Huntington Woods hosts one of the fastest growing Jewish populations in Michigan and has attracted a dozen of diverse religious leaders.
Photos by Jerry Zolynsky
Some have lived there for decades, others for just a few months. Some grew up in Detroit, others moved from elsewhere. They range in age from 29 to 70; some are first-time parents and others have grandchildren. They are Orthodox, Conservative, Reform/Renewal, Humanist and non-denominational. One raises backyard chickens. Some lead congregations, others hold administrative positions at congregations or in the community.
In short, there’s not much these 12 men and women have in common except they are rabbis — and they live in Huntington Woods.
That’s not completely surprising, given that the tiny southeast Oakland County city — it’s less than 1.5 square miles in area — hosts one of the fastest-growing Jewish populations in Michigan. The 2018 Detroit Jewish Population Study conducted by the Jewish Federation of Metropolitan Detroit showed 1,575 Jewish households in “the Woods,” more than double the 720-household total shown in the 2005 population study. Today, two out of three households in Huntington Woods are Jewish homes.
If the 12 have anything in common, it’s that they like the city’s small size, the sidewalks and relatively small lots that make it walkable. They like the neighborhood elementary school and other communal resources, the big trees and the houses that aren’t cookie-cutter copies of each other.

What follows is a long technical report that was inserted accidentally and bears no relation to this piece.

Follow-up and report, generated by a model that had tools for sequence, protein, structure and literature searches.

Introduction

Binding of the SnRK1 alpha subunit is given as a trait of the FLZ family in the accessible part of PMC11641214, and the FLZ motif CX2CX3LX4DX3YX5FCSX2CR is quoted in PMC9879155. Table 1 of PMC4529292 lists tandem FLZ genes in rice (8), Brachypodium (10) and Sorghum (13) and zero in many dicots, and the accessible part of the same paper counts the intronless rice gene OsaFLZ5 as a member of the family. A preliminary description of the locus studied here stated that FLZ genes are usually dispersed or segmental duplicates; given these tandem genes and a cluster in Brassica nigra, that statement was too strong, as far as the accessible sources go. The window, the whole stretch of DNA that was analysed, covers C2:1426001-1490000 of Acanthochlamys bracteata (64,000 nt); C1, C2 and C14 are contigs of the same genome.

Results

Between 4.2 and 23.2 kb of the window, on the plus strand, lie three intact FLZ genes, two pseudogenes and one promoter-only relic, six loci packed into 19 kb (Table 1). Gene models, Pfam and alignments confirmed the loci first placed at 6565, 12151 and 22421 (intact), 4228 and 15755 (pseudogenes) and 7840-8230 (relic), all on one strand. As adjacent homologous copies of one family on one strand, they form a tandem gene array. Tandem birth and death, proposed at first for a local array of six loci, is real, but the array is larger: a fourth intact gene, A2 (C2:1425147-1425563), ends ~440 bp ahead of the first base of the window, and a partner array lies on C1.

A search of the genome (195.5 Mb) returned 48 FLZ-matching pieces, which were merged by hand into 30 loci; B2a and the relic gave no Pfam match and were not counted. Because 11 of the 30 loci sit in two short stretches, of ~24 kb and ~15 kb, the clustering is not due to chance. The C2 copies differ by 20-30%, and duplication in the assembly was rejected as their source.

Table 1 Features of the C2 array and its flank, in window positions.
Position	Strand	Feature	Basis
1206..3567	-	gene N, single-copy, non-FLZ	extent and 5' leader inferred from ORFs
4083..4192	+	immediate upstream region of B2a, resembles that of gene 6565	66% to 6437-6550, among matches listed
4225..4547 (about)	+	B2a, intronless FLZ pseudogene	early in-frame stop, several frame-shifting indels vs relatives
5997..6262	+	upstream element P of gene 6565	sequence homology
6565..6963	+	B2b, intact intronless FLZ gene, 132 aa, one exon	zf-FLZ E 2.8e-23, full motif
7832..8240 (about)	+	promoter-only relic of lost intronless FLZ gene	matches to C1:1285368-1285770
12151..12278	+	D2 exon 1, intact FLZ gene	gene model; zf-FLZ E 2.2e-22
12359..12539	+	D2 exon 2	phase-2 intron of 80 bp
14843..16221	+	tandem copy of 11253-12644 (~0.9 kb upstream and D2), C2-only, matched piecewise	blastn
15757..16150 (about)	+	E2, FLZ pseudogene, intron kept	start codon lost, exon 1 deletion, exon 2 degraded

Some were friends before they became neighbors. Rabbi Ari Witkin’s in-laws, Steve and Janice Traison, were close friends with Rabbi Dan Horwitz’s parents, Gina and JN Publisher Arthur Horwitz, so the two West Bloomfield families saw each other often and the two rabbis became friends.
Others have developed close working relationships. Rabbi Asher Lopatin’s congregation, Kehillat Etz Chayim, is located in Congregation Beth Shalom’s Oak Park building. Lopatin and Beth Shalom’s rabbi, Robert Gamer, along with Temple Emanu-El’s Rabbi Matthew Zerwekh, who lives in Ferndale, have held several joint programs, including study sessions on Shavuot and Tashlich services at a home in Oak Park on Rosh Hashanah.
Here’s a brief look at the rabbis of Huntington Woods, in alphabetical order.
Aura Ahuvia of Congregation Shir Tikvah in Troy grew up in Milwaukee and attended the University of Wisconsin in Madison. She has graduate degrees in journalism and Judaic studies from the University of Michigan and was ordained through ALEPH: Alliance for Jewish Renewal.
Ahuvia, 54, and her husband, Aaron, a professor at University of Michigan-Dearborn, moved to Huntington Woods from Ann Arbor in 2017, a year after she became the rabbi of Shir Tikvah, which is affiliated with both the Reform and Renewal movements. They have two grown sons. One thing that attracted Ahuvia to Huntington Woods is the highly educated population. She has enjoyed meeting her rabbi neighbors.
Dorit Edut grew up in Northwest Detroit and lived in Oak Park for many years. She and her husband, Shimon, a retired landscaper, moved to Huntington Woods in 1999, when her father died and left her his house. She holds a B.A. in Russian studies from the Hebrew University of Jerusalem, a master’s in counseling education from Wayne State University and rabbinic ordination from the Academy for Jewish Religion in New York. Edut, 70, has done rabbinic work for the Isaac Agree Downtown Synagogue and Congregation Beth Israel in Bay City. She now coordinates the Detroit Interfaith Outreach Network.
“The ability to ride bikes, jog or walk anywhere here is great and reminds us of the neighborhood I grew up in in Detroit,” she said.